The move was flawless, and the file system came up nicely. Now the Orange Pi is free for other tasks, or I can later move the LVM back if desired. Time for that pvmove to empty the odd disk (and make room for larger disks later…).
I launched pvmove and it complained that there were no extents to allocate. What the? I just added 4 TB of extents! But pvdisplay said they were all spoken for. After some degree of head scratching, I found that I needed to do a lvreduce command to release some of the extents. Since I’d not expanded the actual file system built on top of the logical volume, I didn’t need to shrink that first. It was already at 6.82 TB. So I did an lvreduce to about 7.5 TB (leaving lots of room beyond the end of the file system, while also having plenty of room to move the 1.5 TB disk). Then the pvmove worked. Or rather “is working”.
The docs warn that “pvmove is slow”. That is a gross understatement. It Oh So Slowly makes a copy, the whole time not just moving data blocks but file system structures as well, then eventually releases the extents on the old disk when the new copy is ready to go. I launched it last night at about 10 PM? something like that. Today, after lunch, I’m at 68% moved… I figure it will be done at about the 24 hour mark.
Then I can do a vgreduce and eventually physically remove the disk from the system. All told, it will be about 48 hours from start to finish to add the 4 TB disk and remove the 1.5 TB disk. “someday” I get to do this all over again for the 2 TB disk when it gets replaced by something bigger… or maybe I’ll just go buy another 7 port USB hub and forget about it…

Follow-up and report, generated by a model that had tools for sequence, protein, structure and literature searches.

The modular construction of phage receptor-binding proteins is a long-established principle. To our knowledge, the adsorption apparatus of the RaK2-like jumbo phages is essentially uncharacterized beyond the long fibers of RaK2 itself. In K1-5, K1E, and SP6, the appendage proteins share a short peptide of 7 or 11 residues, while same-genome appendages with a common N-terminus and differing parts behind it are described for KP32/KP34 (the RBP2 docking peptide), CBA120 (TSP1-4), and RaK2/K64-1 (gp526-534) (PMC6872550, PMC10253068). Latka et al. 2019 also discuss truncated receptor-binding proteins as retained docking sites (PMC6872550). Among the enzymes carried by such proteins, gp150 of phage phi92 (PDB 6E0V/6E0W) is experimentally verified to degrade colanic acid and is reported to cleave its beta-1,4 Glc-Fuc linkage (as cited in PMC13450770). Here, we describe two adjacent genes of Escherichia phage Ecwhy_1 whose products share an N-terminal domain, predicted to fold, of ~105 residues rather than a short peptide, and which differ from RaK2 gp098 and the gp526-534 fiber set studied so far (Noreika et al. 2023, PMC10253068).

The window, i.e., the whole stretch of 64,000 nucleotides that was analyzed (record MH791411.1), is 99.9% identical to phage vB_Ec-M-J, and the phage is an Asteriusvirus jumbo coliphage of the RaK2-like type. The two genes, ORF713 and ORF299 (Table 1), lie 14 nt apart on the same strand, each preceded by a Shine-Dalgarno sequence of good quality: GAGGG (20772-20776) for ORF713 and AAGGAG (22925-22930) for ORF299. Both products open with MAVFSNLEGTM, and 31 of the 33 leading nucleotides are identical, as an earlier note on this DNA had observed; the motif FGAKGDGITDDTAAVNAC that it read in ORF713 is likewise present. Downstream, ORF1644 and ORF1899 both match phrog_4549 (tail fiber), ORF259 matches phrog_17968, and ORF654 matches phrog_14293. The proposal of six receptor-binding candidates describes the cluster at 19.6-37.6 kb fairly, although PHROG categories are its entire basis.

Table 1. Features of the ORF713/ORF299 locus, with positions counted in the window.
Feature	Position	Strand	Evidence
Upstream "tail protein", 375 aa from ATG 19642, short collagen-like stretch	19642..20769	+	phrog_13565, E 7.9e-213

So that’s the kind of adventure you end up in, when using data center production techniques like LVM on a $16 brand new card with an operating version (Armbian) aimed mostly at small internet appliances.
For now, I’m planning to leave the Orange Pi One powered off. Eventually I’ll put a newer copy of Armbian on it (i.e. do an update cycle) and make sure it has dm-mirror installed. Until then, running the LVM stack on the Raspberry Pi is fine. When I get it slammed with a model run, I’ll want to move that scrape process somewhere else, but for now it’s fine. This also will let me explore some kind of case for the Orange Pi (that is currently loose on the desktop as it doesn’t fit Pi cases) and make a more lead dressed and clean system out of the present “pile of parts” on the desktop. With luck, a re-scrape of cdiac will not take more than the 2 x 4 TB big disks and I can recover that 2 TB Western Digital for other things. IFF it ends up spilling out to the whole stack, well, I’ll add some big disk and ‘move on’.
What I’d like to do is get the CDIAC files on the 2 TB disk and leave NOAA on the LVM group as it is big enough to need it. That way they can be moved between systems separately and without all the fuss involved in moving an LVM group. But we’ll see as the process sorts out and the final scrape is done. I think I’m not going to re-scrape NOAA, just because I have a clean scrape of it and the whole point is to avoid loss if the site gets ‘reduced’, so I do NOT want to stay in sync with it. But that is for the future… in a day or two when moving to the new disk finally, oh so slowly, completes…